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Imaging of Islet Transplantation With PET and MRT

This study has been completed.
Sponsor:
ClinicalTrials.gov Identifier:
NCT00417131
First Posted: December 29, 2006
Last Update Posted: August 4, 2011
The safety and scientific validity of this study is the responsibility of the study sponsor and investigators. Listing a study does not mean it has been evaluated by the U.S. Federal Government. Read our disclaimer for details.
Information provided by:
Uppsala University Hospital
  Purpose
Islets of Langerhans intended for clinical transplantation are labelled with a radioactive tracer. The tracer is retained in viable cells of the transplant. At infusion (transplantation) of the islets into the portal vein the tracer can be followed for two hours with positron emission tomography (PET). Imaging and calculations can give estimates of the proportion of surveying islets and the rate of early destruction. Also the distribution of the islets into the liver can be viewed.

Condition
Islet Transplantation Diabetes Type 1

Study Type: Observational
Study Design: Observational Model: Cohort
Time Perspective: Prospective
Official Title: Imaging of Islet Transplantation With PET and MRT

Resource links provided by NLM:


Further study details as provided by Uppsala University Hospital:

Enrollment: 8
Study Start Date: October 2006
Study Completion Date: November 2010
Primary Completion Date: November 2010 (Final data collection date for primary outcome measure)
Detailed Description:

Background:

It is suspected that the current need for repeated islets transplantation to treat diabetes type I is dependent on an early destruction of the islets when infused into the portal vein.

Aim:

To trace the fate of the islet at and after infusion into the portal vein.

Method:

Islets are labelled in vitro with a radioactive tracer that can be measured with positron emission tomography. 10-20 percent of the graft is labelled. Just prior to start of infusion labelled islets are mixed with unlabelled islets (80-90 percent of the graft). The tracer used is FDG and stands for 2-[18F]-2-deoxy-D-glucose. At infusion the patient is placed in the combined computer tomography and PET camera to follow the infusion. The imaging is almost continuous for 2 h at and after infusion.

Expected results:

Calculations of proportion of surviving islets and rate of destruction. Localisation and distribution of islets in the liver of the recipient.

  Eligibility

Information from the National Library of Medicine

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Ages Eligible for Study:   18 Years to 60 Years   (Adult)
Sexes Eligible for Study:   All
Accepts Healthy Volunteers:   No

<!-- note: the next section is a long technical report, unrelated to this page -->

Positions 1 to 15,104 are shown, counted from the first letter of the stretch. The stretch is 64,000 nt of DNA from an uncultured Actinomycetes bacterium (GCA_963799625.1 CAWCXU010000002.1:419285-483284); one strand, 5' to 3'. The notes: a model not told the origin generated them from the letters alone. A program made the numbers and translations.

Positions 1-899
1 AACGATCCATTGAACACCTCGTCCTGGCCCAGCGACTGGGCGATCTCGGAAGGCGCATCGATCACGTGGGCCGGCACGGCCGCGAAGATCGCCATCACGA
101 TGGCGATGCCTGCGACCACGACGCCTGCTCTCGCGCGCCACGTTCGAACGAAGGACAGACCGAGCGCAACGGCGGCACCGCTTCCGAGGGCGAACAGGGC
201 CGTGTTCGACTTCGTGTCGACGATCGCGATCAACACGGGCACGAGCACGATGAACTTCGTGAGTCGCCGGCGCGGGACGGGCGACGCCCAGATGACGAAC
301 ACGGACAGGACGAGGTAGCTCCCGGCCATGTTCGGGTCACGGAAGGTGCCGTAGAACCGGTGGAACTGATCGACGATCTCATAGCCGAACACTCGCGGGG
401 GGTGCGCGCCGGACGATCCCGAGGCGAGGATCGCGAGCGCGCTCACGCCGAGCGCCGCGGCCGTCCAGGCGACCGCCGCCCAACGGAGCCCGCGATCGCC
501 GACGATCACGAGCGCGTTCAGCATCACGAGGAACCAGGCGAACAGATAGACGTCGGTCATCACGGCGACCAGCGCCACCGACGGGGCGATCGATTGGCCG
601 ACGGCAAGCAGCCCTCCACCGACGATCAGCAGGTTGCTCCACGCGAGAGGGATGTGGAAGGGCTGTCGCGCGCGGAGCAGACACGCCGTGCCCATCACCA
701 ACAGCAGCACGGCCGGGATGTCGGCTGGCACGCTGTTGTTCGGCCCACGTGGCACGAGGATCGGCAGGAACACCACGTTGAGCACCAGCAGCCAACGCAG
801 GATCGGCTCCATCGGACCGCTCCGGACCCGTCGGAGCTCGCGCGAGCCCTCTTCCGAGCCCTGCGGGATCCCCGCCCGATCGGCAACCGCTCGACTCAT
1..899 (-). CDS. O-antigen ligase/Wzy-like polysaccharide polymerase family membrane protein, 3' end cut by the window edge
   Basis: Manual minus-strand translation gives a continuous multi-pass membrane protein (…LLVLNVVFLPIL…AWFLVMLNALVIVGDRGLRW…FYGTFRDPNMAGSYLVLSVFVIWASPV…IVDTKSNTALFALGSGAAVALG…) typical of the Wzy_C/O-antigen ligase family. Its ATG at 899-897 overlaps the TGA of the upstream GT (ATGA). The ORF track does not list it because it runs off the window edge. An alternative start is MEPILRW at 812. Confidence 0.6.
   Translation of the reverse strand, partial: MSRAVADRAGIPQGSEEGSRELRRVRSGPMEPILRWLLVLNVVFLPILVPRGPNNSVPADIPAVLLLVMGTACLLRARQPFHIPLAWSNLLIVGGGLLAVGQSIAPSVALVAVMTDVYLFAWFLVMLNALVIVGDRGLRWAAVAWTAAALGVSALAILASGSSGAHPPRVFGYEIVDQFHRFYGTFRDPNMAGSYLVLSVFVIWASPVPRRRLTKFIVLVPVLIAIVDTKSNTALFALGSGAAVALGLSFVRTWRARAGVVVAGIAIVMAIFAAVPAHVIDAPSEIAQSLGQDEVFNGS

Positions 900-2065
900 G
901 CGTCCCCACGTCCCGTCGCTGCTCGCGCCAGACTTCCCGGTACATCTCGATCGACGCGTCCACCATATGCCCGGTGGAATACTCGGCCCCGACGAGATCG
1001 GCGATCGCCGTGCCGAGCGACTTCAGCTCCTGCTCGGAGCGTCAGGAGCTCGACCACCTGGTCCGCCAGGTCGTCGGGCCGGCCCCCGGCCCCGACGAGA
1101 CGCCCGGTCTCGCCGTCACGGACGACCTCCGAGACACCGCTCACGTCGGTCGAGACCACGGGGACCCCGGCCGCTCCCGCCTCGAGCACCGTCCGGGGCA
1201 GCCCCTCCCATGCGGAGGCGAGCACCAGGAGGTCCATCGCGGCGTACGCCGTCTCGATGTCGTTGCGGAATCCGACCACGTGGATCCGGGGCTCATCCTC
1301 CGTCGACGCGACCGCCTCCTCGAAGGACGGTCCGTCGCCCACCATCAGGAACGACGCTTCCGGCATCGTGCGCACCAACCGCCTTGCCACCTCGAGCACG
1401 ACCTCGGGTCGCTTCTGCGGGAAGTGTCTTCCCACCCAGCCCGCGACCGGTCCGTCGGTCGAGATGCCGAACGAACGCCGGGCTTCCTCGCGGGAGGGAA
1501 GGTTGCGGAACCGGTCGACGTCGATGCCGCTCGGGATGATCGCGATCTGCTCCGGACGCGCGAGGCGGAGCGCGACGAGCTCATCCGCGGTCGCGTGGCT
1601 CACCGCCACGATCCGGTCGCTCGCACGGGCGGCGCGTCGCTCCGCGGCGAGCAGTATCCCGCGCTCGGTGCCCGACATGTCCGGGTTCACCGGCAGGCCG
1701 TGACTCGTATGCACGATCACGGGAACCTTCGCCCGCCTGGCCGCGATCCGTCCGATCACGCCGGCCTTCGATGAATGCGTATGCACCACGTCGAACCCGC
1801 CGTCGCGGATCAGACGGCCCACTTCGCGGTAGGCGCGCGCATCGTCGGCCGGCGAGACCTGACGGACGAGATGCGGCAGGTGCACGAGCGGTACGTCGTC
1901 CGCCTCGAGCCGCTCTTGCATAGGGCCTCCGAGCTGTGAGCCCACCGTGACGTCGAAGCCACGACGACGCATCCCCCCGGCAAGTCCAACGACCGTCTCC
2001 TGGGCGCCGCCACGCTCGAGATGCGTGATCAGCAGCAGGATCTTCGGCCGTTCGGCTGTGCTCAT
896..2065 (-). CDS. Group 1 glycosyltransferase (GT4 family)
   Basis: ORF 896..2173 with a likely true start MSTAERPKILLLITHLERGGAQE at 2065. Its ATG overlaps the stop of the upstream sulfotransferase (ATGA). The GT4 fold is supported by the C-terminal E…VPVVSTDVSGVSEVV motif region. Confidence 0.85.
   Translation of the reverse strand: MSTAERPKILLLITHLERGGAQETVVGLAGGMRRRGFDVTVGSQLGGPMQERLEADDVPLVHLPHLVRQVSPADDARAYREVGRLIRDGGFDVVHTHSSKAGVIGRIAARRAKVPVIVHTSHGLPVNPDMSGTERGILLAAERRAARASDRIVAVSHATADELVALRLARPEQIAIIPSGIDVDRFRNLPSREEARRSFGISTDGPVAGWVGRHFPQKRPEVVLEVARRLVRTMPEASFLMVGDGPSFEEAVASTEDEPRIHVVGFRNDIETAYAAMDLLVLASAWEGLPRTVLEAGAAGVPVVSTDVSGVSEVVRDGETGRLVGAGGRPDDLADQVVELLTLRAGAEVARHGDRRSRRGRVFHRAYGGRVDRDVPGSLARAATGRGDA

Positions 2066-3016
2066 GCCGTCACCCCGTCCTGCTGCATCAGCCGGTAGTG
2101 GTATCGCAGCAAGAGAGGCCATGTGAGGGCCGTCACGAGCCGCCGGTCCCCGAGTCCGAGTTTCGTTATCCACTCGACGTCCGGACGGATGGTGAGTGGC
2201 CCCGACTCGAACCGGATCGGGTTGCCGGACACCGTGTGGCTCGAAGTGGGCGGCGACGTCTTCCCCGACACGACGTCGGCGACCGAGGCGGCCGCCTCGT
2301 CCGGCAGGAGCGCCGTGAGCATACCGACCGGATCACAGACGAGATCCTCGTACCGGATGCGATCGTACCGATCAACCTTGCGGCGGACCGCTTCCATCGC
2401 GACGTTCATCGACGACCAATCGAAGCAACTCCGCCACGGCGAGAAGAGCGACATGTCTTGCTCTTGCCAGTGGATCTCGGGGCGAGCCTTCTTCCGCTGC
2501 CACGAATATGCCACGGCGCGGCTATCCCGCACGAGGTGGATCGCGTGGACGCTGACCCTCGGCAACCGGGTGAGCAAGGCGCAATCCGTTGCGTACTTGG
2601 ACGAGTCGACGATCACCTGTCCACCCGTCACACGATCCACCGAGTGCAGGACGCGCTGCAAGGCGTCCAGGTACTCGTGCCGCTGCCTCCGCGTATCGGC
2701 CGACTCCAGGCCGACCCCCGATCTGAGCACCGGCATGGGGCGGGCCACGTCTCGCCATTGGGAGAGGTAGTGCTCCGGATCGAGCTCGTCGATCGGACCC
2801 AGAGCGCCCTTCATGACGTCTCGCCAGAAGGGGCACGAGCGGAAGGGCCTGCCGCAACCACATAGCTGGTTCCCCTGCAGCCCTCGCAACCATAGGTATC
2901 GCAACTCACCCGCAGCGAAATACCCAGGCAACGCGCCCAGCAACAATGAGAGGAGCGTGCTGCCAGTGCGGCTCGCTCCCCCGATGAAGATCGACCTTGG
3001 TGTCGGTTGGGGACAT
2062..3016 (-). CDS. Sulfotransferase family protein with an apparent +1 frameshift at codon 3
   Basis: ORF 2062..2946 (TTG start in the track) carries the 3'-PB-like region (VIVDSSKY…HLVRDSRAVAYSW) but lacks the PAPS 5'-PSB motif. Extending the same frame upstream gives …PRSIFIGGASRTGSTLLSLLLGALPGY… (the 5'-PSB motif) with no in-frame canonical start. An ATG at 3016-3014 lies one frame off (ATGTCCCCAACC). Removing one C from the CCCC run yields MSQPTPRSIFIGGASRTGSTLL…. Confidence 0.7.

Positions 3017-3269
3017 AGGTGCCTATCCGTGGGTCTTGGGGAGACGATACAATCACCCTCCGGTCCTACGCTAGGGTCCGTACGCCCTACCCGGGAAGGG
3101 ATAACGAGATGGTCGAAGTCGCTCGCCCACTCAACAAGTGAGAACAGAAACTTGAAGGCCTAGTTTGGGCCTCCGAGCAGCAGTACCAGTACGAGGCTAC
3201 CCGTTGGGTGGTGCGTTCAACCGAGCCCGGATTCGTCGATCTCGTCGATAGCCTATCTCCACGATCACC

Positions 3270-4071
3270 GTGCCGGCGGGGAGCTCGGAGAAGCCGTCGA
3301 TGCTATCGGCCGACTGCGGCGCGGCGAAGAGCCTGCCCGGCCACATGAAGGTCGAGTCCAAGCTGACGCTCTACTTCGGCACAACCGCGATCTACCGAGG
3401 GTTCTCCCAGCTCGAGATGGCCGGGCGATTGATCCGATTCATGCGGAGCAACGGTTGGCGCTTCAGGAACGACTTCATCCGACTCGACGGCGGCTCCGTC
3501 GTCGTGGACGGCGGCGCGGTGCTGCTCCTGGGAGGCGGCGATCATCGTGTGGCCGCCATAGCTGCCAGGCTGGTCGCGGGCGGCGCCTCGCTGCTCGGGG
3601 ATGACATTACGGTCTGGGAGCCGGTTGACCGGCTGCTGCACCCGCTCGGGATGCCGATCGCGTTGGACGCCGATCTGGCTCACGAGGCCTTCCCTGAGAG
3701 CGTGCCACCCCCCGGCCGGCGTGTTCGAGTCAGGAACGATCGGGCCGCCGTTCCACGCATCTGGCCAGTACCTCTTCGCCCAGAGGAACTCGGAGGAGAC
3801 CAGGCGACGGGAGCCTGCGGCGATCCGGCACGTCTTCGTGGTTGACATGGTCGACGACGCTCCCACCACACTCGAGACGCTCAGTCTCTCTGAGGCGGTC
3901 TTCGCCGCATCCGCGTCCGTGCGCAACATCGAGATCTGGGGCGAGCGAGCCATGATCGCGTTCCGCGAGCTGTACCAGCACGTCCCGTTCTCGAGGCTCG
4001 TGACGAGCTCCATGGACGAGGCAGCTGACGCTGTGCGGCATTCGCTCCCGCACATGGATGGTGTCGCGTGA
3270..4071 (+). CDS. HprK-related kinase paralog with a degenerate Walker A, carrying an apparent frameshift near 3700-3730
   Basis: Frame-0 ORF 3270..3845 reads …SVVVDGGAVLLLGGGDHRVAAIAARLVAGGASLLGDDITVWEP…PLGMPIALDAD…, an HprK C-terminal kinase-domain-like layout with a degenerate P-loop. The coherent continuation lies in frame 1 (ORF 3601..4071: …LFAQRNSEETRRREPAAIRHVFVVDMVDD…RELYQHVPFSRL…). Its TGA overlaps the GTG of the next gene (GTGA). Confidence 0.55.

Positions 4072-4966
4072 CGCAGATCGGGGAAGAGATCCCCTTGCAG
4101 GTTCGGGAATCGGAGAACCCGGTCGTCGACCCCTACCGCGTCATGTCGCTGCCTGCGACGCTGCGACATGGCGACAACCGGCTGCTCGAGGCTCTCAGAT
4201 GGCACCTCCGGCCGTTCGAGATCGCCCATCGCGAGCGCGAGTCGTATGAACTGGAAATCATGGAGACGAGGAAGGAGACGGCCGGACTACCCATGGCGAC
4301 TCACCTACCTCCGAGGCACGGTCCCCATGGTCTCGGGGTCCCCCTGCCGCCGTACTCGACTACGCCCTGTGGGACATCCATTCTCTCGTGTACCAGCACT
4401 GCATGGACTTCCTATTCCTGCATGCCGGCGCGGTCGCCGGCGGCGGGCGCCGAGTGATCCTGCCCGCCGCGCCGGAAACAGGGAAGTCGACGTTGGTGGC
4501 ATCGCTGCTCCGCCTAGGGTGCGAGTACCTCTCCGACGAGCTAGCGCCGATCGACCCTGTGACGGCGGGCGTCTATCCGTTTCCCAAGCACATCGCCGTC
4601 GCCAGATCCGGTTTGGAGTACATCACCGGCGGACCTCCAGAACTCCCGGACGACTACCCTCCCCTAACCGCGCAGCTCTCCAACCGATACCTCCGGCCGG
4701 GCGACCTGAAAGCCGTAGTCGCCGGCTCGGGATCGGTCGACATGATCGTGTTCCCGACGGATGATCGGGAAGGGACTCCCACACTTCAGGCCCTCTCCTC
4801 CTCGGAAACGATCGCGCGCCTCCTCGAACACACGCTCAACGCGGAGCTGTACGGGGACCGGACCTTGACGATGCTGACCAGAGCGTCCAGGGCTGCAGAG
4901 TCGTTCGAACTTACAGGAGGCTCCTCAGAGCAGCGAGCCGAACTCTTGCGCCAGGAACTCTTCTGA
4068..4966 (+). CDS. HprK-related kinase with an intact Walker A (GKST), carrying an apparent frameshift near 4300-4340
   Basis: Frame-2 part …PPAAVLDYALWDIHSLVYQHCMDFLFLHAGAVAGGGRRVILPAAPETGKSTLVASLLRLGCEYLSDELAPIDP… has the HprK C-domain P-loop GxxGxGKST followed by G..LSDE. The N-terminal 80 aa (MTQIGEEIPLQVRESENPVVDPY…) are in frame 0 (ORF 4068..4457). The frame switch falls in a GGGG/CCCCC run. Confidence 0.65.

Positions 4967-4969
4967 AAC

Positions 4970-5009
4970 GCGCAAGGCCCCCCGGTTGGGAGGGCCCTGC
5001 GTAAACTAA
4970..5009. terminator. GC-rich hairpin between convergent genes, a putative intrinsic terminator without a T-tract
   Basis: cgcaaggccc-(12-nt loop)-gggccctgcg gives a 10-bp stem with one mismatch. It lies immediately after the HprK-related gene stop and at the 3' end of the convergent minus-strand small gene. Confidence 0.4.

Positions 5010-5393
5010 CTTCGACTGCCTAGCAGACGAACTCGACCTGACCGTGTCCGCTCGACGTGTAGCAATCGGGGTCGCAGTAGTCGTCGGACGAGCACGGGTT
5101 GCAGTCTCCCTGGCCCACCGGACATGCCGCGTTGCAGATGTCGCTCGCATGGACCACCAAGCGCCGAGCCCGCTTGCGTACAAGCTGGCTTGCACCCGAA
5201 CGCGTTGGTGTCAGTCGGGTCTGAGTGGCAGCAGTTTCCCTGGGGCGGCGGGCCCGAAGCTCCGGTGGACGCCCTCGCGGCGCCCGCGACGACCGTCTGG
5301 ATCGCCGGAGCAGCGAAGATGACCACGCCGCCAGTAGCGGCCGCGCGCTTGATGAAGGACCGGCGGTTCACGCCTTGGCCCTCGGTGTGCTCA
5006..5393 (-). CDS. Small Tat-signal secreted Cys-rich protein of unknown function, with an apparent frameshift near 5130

Sampling Method:   Non-Probability Sample
Study Population
Patients referred to islet transplantation in the Nordic countries (Scandinavia)
Criteria

Inclusion Criteria:

  • Patients suitable for clinical islet transplantation.
  • Patient on waiting list for islet transplantation within the Nordic Network for Clinical Islet Transplantation
  • Written Informed Concent
  Contacts and Locations
Information from the National Library of Medicine

To learn more about this study, you or your doctor may contact the study research staff using the contact information provided by the sponsor.

Please refer to this study by its ClinicalTrials.gov identifier (NCT number): NCT00417131


Locations
Sweden
Karolinska University Hospital, Dept. of Transplantation surgery
Stockholm, Sweden, S-141 86
Uppsala University Hospital, Dept of Transplantation Surgery
Uppsala, Sweden, S-751 85
Sponsors and Collaborators
Uppsala University Hospital
Investigators
Principal Investigator: Gunnar Tufveson, Professor Dept of Transplantation, Uppsala University Hospital
  More Information

Publications automatically indexed to this study by ClinicalTrials.gov Identifier (NCT Number):
Responsible Party: Gunnar Tufveson, MD, Professor, Uppsala University Hospital
ClinicalTrials.gov Identifier: NCT00417131     History of Changes
Other Study ID Numbers: Studieprotokoll 2006-05-12
First Submitted: December 28, 2006
First Posted: December 29, 2006
Last Update Posted: August 4, 2011
Last Verified: July 2008

Keywords provided by Uppsala University Hospital:
Islet transplantation,
coagulation,
graft destruction,
islet imaging

Additional relevant MeSH terms:
Diabetes Mellitus, Type 1
Diabetes Mellitus
Glucose Metabolism Disorders
Metabolic Diseases
Endocrine System Diseases
Autoimmune Diseases
Immune System Diseases